When on December 26th, 2004 an earthquake measuring 9.1 on the Richter scale shook the northern part of Sumatra causing a tsunami which rolled all over the Indian Ocean and when reaching the shores killed more than 300 000 people in the area surrounding the Indian Ocean, we had already booked our flights to a destination close to the epicentre of the tsunami. During the next weeks and months we watched anxiously the news coming in from Thailand, India, Sri Lanka and even Africa. Banda Aceh, the region we wanted to visit in northern Sumatra, was the worst affected area. With more than 200 000 people killed in Indonesia we could not imagine to go there for diving only half a year later. Also we did not know whether the tsunami had caused similar destructions under water as above.

However, during the following weeks we gradually found out, that our destination, the small island of Pulau Weh only an hour´s boat ride away from the town of Banda Aceh had not suffered as much as many places on the mainland. There were "only" 12 people killed, most houses close to the beach had been destroyed but the high shores to the west and the mountainous profile of the island obviously prevented a disaster like in other areas.
Karte von Nord Sumatra
Already in March our dive center Lumba Lumba announced that the compressor was working again and that first reef surveys did not show much damage under water. So we decided to stick to our plan and fly to Banda Aceh in July 2005.
Das zerstörte Banda Aceh
It was surprisingly easy to go to Banda Aceh. It took us only 24 hours from door to door and we managed to have a sunset drink with Marjan and Ton from Lumba Lumba at 5 pm the next day.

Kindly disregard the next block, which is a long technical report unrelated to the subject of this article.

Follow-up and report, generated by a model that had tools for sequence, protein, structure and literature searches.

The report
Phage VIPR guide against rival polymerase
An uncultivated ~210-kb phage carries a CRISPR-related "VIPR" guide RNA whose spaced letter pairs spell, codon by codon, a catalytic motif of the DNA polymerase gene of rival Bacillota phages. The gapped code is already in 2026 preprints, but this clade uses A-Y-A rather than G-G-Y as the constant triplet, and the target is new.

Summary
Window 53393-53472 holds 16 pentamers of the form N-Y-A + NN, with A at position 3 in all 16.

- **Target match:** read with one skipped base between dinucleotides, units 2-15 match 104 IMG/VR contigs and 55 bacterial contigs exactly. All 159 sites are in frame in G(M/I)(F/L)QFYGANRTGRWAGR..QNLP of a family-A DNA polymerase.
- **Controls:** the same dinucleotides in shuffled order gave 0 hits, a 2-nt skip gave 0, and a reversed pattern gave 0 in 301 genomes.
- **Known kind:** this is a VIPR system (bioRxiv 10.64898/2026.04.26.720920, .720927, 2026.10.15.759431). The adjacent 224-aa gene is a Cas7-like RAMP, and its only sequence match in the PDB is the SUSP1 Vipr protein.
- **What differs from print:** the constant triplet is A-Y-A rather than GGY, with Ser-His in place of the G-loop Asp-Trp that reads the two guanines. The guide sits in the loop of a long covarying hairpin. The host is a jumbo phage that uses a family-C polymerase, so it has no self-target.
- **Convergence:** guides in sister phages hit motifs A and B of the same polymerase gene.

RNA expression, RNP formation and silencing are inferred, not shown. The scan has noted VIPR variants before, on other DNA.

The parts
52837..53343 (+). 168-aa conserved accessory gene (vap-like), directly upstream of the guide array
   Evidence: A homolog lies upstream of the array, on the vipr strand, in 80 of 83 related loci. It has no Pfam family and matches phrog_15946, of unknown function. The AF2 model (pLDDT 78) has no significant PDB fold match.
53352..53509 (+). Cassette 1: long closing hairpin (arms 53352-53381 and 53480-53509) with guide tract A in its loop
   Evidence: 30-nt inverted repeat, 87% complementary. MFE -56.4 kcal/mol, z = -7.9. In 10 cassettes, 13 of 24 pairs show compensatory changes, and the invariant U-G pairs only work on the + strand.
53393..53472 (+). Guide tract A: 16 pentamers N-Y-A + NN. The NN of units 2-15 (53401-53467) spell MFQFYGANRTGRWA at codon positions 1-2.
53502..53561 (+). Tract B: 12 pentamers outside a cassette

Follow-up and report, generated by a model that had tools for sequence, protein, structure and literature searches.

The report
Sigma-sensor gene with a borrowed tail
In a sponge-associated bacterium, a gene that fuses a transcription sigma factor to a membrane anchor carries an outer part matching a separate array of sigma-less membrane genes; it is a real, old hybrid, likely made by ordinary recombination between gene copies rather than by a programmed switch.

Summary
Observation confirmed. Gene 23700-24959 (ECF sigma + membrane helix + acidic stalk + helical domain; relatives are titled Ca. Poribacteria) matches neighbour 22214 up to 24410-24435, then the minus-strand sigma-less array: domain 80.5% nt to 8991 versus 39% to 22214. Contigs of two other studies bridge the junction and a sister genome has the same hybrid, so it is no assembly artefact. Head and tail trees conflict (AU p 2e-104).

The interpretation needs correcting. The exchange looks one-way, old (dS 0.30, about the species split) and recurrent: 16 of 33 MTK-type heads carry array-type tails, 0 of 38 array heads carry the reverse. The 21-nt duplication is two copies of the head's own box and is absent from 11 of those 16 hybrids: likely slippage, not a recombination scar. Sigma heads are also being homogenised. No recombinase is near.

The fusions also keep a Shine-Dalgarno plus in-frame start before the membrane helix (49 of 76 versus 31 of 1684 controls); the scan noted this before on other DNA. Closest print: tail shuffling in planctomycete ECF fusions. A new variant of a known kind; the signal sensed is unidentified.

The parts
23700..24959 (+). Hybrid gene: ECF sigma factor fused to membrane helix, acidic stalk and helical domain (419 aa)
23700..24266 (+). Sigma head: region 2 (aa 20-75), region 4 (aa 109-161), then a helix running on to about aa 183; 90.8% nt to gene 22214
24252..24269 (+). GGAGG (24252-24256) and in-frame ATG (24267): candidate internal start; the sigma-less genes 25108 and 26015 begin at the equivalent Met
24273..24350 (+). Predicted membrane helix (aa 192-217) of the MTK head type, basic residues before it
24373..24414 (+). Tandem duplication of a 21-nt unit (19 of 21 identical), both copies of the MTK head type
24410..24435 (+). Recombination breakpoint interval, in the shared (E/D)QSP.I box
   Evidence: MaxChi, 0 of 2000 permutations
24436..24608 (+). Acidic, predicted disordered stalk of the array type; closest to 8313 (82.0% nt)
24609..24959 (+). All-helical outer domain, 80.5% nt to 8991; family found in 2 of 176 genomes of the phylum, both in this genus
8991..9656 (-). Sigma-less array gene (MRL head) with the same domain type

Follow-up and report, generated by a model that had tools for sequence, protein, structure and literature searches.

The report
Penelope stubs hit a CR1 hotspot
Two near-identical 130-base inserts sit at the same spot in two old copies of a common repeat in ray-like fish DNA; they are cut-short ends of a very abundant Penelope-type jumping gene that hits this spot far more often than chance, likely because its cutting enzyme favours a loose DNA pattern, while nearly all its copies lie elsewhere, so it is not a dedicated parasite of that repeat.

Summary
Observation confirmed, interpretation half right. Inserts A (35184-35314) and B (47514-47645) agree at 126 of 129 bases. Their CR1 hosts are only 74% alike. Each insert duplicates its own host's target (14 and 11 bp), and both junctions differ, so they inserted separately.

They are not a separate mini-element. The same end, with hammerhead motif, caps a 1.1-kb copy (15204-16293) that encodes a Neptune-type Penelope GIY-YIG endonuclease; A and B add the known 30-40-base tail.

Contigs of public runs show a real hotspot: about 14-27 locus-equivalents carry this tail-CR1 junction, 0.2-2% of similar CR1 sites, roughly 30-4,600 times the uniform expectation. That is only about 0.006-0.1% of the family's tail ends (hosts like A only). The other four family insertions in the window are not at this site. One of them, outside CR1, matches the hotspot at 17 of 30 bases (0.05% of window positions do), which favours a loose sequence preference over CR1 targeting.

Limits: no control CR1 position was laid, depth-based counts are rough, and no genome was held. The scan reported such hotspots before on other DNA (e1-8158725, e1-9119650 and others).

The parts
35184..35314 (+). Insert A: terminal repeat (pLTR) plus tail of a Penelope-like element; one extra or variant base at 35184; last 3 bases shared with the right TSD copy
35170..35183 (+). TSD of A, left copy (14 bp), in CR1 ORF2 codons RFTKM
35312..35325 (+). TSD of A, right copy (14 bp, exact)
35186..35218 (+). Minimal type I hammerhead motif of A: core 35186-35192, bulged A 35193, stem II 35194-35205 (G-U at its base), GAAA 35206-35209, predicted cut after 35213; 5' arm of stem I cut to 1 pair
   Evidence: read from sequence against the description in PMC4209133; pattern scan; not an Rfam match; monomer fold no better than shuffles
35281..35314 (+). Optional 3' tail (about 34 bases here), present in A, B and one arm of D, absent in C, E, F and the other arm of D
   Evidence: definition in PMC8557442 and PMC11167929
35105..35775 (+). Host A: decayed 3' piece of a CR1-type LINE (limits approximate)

Since January 2005 no more special permit is needed to travel to Banda Aceh and there is hope that after the peace treaty between the Aceh Liberation Front (GAM) and the Indonesian government in August 2005 the civil war will come to its end.

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In Pulau Weh Indonesia begins. The island is the westernmost outpost of Indonesia and also forms the western corner of the famous triangle of underwater biodiversity in South East Asia which stretches from the Philippines in the north over the eastern tip of Papua New Guinea including the Solomon Islands to Pulau Weh in the west. The island rises from the Andaman Sea between very deep seas to the west and the rather shallow Strait of Malacca in the east. It is a volcanic island, paleographically speaking rather young and belongs to a chain of islands to which further north the Nikobar and Andaman Islands belong to.
Karte von Pulau Weh
The horseshoe shaped island is mountainous with high cliffs to the west and shallow bays and beaches in the north. The main town is Sabang in the north. Most Indonesians know Pulau Weh only as Sabang.

There is a fast ferry from Banda Aceh twice a day. After less than an hour the passengers leave in Balohan in the south and it takes another 45 minutes by chartered taxi (13 Euro) on pothole covered roads to the beach of Gapang, where the Lumba Lumba Dive Centre is situated.
Divers can stay in some nearby resorts with comfortable, big sized bungalows some of them even offering ac for little money (7 - 12 Euro).
Simple Indonesian style restaurants are near the beach and you may even get your meals at the resort during weekends, when there are more guests around.
Gapang Beach
There is an alternative called Iboih village some kilometres further north the road for all those on a tight budget. Iboih used to be a travelers heaven before civil war and the tsunami stopped tourism. There are a lot of rather run down simple huts near the water but also further up the path very nice homestays with decent huts with a nice view. Guests who are staying here are collected by the dive boat of Lumba Lumba on the way to the dive sites and brought back again after diving.